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What is a secure and stable country to open an offshore bank account?

bank account
g-money asked:


What is a secure country to open an offshore bank account? I’m not doing anything illegal or looking to hide money. I am simply looking for a secure place to invest my money in these tough economic times. I hear the Switzerland has a good banking system and a stable economy, however, are there any other countries that are good places to open an offshore accounts.

What is a secure and stable country to open an offshore bank account(ie. Switzerland, Singapore, Austria, Hong Kong, ect.)? And please explain why.

Any info would really be helpful.

A Sweet Candy Blog

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One Response to “What is a secure and stable country to open an offshore bank account?”

  1. job david says:

    New Zealand

    Here’s why

    New Zealand has a developed, well-functioning banking system that provides generous amounts of business and consumer credit. Domestic credit provided by the banking sector reached 117.5% of GDP in 2000 (latest available data), according to the World Bank. This is a lower level than in the most intensely banked economies in the world, but it indicates that bank loans are more readily available in New Zealand than in such sophisticated economies as Canada and Australia.

    The New Zealand banking system consists of 16 registered banks with more than 90 percent of their combined assets under the ownership of foreign banks (Australian banks account for 87 percent of the total). Kiwibank, introduced in 2001 by the Labour-Alliance government and operated out of the NZ Post Shops, is the only sizable New Zealand-based institution. Aggregate banking system capital adequacy has been above minimum requirements since the introduction of Basel-based reporting in 1989. Access to the credit system is unrestricted.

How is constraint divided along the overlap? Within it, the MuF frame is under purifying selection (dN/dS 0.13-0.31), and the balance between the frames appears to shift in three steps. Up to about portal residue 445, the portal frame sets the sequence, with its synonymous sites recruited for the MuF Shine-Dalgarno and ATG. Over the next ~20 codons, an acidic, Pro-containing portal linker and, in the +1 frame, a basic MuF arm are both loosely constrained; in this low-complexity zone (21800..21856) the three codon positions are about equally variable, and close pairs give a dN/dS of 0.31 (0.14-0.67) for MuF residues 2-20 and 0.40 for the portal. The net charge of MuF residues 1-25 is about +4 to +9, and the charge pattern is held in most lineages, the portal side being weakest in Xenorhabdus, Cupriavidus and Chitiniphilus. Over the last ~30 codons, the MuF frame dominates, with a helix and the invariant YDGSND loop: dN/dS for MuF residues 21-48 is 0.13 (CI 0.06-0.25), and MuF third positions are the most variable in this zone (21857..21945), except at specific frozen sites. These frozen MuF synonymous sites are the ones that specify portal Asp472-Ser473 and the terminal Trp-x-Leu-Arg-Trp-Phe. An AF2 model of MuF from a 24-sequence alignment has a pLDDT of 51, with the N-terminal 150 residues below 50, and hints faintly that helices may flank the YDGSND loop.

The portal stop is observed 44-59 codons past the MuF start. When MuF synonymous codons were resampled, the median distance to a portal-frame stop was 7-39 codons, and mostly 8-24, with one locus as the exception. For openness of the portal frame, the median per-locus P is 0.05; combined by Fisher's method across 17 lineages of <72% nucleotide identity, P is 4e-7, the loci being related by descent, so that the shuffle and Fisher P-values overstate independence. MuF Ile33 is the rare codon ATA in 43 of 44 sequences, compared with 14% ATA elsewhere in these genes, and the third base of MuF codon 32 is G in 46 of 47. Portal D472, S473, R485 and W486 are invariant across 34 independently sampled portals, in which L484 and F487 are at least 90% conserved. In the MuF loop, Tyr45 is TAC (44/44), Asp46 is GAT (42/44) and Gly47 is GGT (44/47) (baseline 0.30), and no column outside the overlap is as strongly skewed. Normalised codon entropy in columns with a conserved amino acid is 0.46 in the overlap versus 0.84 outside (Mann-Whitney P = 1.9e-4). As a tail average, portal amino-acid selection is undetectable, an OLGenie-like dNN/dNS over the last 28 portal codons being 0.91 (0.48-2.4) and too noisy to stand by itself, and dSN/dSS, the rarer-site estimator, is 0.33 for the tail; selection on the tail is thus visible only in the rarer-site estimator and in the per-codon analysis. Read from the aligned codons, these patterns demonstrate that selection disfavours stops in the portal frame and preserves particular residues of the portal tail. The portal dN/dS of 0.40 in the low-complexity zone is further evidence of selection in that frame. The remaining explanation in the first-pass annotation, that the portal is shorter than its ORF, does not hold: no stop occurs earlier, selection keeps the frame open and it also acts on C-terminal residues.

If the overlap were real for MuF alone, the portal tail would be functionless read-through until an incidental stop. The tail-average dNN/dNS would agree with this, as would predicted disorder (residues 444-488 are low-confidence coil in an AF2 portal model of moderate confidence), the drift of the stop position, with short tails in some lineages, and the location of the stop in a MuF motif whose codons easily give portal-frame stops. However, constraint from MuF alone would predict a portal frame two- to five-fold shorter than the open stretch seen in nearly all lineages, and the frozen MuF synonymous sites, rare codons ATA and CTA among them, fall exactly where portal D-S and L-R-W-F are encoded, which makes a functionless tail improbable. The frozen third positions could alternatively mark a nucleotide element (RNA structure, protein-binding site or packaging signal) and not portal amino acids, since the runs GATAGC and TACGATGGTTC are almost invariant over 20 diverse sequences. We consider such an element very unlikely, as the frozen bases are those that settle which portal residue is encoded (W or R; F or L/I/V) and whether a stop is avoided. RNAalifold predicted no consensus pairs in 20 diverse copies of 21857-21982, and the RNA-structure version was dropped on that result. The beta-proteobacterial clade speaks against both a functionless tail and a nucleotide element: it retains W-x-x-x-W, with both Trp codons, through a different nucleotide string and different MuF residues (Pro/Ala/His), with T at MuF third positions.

Any institution- whether domestic or foreign owned or domiciled- that wishes to call itself a bank must be registered by the Reserve Bank of New Zealand (RBNZ- the central bank), though financial institutions may describe themselves as “investment banks” without being registered. The Reserve Bank of New Zealand Amendment Bill 2002- which deals almost exclusively with banking nomenclature – initially proposed forbidding the use of the words “bank”, “banker” and “banking” in trademarked advertising literature by non-registered financial institutions, but the proposal was withdrawn following protests by credit unions. Registration facilitates international business and permits access to low-cost financing through the interbank money market. Any other institution underwriting or arranging debt securities comes under the jurisdiction of the Securities Commission. This includes insurance companies.

    As of July 2005 New Zealand had 16 registered banks:

    ABN AMRO Bank NV
    ANZ National Bank Limited
    ASB Bank Limited
    Bank of New Zealand
    Citibank N A
    Commonwealth Bank of Australia
    Deutsche Bank A G
    Kiwibank Limited
    Kookmin Bank
    St George Bank New Zealand Limited
    Rabobank New Zealand Limited
    Rabobank Nederland
    The Bank of Tokyo-Mitsubishi, Ltd.
    The Hongkong and Shanghai Banking Corporation Limited
    TSB Bank Limited
    Westpac Banking Corporation.

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